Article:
WARNING: COUNTERFEIT SAXOPHONES ARE EVERYWHERE THESE DAYS. Be sure to do some research when purchasing instruments from used, Amazon or overseas sources. Check out model numbers and ask where the instruments were made. Fake model numbers and tell tale signs of bogus instruments can tip you off to counterfeit instruments. If you find a Yamaha saxophone at half of what WWBW sells it for brand new BEWARE.


Saxophone aspiring music college student or adult intermediate to advanced and professionals: The industry standard for saxophones has been the Selmer Mark VI for a long time now. Here is a chart that gives you some details regarding Selmer Saxophones and their serial number ranges:

You can see the Mark VI serial numbers start at 55,000 and go up to about 230,000. Be advised, at any serial number point the instruments vary a great deal, and there are also “long bow, medium bow and short bow” considerations that effect intonation. Here is an article that explains how bow length works:

With Mark VI horns you can expect to pay anywhere from $5,000 to $20,000 depending on condition and serial number. There is no guarantee that any instrument will suit you as well, so it’s a bit of a gamble at times. Vintage saxophones take skill to evaluate and some guts and determination to find one that suits you. Talk to the best players you can find, send out some emails to various people. It's a vast and deep ocean, and beware, you can get burned.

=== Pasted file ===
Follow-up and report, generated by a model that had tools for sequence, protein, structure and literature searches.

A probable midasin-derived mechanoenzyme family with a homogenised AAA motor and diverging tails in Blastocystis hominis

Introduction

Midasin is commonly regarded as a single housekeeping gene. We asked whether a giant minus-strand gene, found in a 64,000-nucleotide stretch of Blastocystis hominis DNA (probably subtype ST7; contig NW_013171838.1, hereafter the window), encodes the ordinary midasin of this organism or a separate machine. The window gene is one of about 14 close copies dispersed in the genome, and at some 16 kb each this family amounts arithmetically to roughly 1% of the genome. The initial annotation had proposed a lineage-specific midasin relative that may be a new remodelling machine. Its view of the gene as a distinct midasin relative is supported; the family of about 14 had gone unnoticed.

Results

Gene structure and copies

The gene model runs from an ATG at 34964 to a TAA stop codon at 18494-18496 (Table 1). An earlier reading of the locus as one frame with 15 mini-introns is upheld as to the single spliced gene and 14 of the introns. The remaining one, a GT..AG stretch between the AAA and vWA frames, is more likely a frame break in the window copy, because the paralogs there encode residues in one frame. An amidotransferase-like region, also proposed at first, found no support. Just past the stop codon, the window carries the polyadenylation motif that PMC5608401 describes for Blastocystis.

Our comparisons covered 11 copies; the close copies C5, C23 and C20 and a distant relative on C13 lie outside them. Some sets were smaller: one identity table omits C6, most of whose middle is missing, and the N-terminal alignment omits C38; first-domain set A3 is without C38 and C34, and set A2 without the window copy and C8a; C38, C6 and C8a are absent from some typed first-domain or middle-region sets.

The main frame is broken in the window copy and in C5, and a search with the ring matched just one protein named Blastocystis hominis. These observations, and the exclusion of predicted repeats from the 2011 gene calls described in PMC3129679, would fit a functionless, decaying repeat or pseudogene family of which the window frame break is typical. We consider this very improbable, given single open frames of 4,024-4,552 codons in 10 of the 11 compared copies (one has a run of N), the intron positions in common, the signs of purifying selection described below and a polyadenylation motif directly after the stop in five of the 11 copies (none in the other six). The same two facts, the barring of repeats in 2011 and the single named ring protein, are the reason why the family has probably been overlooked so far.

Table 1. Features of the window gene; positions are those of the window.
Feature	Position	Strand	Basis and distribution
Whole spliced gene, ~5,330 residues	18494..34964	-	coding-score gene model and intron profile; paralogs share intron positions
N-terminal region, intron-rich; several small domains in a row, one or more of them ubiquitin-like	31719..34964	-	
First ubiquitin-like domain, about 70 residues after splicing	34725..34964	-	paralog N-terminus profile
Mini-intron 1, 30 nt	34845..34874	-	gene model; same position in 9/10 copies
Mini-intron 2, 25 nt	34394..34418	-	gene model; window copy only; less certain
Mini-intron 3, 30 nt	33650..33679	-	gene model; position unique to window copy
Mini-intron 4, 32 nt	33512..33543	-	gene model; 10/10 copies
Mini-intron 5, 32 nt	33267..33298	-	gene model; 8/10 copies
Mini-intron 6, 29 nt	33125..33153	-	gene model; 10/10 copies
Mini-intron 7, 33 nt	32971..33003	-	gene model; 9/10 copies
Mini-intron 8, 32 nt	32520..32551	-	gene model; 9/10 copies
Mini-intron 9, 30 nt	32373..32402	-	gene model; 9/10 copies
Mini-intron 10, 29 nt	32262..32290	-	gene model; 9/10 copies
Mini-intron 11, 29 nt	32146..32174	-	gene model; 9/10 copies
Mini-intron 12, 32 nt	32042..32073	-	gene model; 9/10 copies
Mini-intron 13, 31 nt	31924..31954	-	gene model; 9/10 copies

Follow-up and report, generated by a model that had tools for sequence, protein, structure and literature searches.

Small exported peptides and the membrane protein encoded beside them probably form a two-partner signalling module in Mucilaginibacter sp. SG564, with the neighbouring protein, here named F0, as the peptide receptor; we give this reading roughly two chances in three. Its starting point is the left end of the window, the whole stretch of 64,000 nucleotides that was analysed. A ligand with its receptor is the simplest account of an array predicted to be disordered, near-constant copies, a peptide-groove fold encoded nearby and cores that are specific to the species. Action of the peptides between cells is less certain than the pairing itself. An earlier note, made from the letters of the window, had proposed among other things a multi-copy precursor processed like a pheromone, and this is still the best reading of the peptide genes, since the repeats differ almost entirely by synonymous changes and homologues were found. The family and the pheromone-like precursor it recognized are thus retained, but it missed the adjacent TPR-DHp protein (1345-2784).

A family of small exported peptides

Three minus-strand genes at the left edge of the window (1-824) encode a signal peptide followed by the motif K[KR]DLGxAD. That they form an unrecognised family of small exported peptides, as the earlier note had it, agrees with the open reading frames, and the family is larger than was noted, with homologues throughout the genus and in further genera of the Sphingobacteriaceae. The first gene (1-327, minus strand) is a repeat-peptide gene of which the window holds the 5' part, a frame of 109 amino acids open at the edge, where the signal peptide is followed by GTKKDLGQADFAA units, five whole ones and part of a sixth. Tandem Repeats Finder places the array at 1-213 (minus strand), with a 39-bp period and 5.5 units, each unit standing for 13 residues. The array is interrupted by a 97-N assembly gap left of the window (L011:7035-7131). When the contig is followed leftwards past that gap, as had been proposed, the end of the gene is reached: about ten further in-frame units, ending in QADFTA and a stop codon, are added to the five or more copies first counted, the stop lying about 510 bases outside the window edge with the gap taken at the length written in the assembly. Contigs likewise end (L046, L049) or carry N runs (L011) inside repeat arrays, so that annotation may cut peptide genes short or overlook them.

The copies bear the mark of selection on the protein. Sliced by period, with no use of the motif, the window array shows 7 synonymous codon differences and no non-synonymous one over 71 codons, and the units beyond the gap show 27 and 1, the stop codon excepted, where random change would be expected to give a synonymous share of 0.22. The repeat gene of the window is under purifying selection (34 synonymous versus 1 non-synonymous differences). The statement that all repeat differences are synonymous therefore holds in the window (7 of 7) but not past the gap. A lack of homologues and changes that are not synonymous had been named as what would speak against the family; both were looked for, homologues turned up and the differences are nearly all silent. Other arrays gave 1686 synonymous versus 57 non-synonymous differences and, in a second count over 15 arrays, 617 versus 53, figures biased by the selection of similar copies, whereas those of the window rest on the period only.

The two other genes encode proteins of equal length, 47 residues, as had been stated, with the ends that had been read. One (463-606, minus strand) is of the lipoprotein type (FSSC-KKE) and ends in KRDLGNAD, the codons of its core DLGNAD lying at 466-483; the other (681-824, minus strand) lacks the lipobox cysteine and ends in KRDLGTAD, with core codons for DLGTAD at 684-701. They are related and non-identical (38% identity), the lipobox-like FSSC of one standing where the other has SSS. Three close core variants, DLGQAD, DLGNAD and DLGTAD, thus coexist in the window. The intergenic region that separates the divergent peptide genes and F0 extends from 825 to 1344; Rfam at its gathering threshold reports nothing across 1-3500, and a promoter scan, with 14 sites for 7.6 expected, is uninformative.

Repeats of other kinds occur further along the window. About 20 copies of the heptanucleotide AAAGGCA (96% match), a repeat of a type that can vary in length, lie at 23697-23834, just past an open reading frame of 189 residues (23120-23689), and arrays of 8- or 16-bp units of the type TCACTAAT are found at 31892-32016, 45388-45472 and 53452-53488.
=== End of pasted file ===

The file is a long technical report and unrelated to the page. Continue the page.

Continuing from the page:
Earlier Selmer Balanced Action and Super Balanced Action (SBA) horns are also popular with certain players for various reasons. It’s very difficult in my experience to find a Mark VI or Balanced/SBA that plays really well in tune. Generally Selmer’s go sharper the higher you ascend into the left hand second register notes. A good repairman can modify certain things to help this out, but it's not something that's easily overcome. I know many professionals that have switched to Yamaha for this very reason, although you do sacrifice some tone quality and to me the Yamaha's have more resistance, so they don't blow as freely as a Mark VI. That being said I have owned and enjoyed playing Yamaha Custom saxophones in the past.